Robert Chesley

Editorial: Does Magic Need A Better Distribution System?

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There has been a lot of arguments going on Twitter over the past few days on card availablity and “speculation”. Most of this stemmed from the fact that there are many high roller type speculators that are looking to make a “quick buck” on Magic Online. There was some admittance that there have been some “market collusion” on the fact that many of the staples for various formats are gobbled up by some of the bigger players online.

Magic, and by extension Magic Online, is one of the most unique games on the planet. There are high stakes tournaments every weekend. There are even moderately high stakes games online day and night. Magic is at an all-time popularity high. They have been selling record numbers of cards since Magic 2010 game out in summer of 2009. We’ve seen a monster growth in not only tournament players, but players looking to “invest” in the Magic Market. Once upon a time, Magic’s economy was dictated by players. No one really sought after cards for future gain. Or if they did, it was on a much smaller scale. According to some of the more popular Magic community members on Twitter, there was a major buy of the card Force of Will for the online market back when the card was about a twenty dollar card. We’re not talking about someone who purchased an extra playset or two to inevitiably sell later. This person bought thousands of copies of this essential card.

I don’t have the exact number of Force of Wills that entered into the system on Magic Online, only Wizards has that number. But it seems to me if someone was able to purchase even close to a hundred copies of a card like Force of Will that would in turn drive up the price of the card. That is simple supply and demand of a capitalistic system that we obviously use on Magic Online. What happened was eventually a huge boon of players joined Magic Online. Legacy, one of the top tier formats, showed up and now everyone wants to play test for the big money tournaments on Magic Online. And understandably so, Magic Online is the best tool in the universe to play test day and night against the best competition in the world. So, as anyone can plainly see, we had a huge influx of players and not enough copies to go around and the copies that were around are sold at such a high price that many of these players were “priced out” so to speak.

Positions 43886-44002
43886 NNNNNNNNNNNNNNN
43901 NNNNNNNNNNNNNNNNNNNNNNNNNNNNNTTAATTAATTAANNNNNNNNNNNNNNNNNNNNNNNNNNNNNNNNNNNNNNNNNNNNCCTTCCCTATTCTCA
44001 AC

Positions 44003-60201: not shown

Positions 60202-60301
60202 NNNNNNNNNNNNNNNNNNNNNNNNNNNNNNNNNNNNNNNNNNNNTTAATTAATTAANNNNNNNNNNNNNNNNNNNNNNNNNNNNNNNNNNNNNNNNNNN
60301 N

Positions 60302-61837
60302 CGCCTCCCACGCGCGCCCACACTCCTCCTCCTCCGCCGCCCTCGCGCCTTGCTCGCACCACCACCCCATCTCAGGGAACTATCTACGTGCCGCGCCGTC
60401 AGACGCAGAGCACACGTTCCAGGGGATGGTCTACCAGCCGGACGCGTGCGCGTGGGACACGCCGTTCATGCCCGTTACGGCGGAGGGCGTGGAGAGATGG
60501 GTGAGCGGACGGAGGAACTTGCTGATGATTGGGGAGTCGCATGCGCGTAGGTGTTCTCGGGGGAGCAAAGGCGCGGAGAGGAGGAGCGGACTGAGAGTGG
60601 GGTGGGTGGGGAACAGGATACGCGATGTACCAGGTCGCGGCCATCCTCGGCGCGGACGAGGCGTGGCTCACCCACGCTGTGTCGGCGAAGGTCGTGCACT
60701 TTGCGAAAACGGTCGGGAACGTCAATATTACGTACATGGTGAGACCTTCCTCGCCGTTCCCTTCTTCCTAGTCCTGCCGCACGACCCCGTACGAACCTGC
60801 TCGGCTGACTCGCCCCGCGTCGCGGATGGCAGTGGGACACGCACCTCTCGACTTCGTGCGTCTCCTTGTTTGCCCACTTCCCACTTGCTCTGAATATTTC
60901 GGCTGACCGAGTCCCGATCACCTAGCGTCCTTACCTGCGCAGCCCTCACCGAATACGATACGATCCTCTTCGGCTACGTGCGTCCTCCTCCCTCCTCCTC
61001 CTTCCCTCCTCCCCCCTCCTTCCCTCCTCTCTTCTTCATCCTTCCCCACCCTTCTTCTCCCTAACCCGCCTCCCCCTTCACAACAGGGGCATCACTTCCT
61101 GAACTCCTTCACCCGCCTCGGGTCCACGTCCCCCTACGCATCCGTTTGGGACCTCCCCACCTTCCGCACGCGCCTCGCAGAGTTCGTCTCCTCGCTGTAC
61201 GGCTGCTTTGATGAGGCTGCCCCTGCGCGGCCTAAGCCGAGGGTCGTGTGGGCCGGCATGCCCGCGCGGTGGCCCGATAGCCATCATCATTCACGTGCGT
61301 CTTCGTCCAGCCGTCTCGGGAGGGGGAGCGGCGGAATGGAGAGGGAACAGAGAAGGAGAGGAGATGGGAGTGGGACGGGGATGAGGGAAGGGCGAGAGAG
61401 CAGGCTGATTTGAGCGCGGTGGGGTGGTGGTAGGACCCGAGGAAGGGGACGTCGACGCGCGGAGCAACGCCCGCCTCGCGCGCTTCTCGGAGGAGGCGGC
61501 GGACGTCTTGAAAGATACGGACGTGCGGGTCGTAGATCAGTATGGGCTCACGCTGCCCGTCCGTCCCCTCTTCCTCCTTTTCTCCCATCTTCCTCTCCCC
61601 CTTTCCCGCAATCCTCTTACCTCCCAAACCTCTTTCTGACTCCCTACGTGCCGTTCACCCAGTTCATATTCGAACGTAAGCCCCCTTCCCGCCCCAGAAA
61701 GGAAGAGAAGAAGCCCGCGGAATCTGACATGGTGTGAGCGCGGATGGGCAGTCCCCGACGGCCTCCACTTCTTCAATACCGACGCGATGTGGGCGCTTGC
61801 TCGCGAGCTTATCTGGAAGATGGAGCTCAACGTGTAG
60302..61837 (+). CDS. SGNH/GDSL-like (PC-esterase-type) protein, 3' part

It must be frustrating to see from Wizards standpoint. You have a metric ton of players who want to play in these tournaments or want to play these cards online but you have an entirely different subset of players who want to invest and make money off of the game. There has got to be a better distribution system to get the cards into the hands of these players. For Magic Online at least, Wizards can print practically any card they want. They can set up drafts that use specific sets. They can release “Master’s Editions” and sell packs that contain many of these staple cards. Though there are some restrictions on how they can use this, they can always come up with “a new Master’s set” and put the more problematic cards into these categories. But as we’ve seen even that isn’t enough. Hoarders will hoard the cards as soon as they are available to the market. Because some people have such a high bank roll they are able to buy up any available copy of any sought after card, then set the price and trickle out demand. This hurts the game. I personally have yet to really find any copies of some Legacy staples as I’ve tried to reenter the MTGO scene. It’s a daunting and difficult task. Even if you have the money, the time, and the effort the necessary cards are just “not available”. If they ever do become available they are snapped up so quickly that it leaves a lot of players just sitting around asking “well what can I do about it?”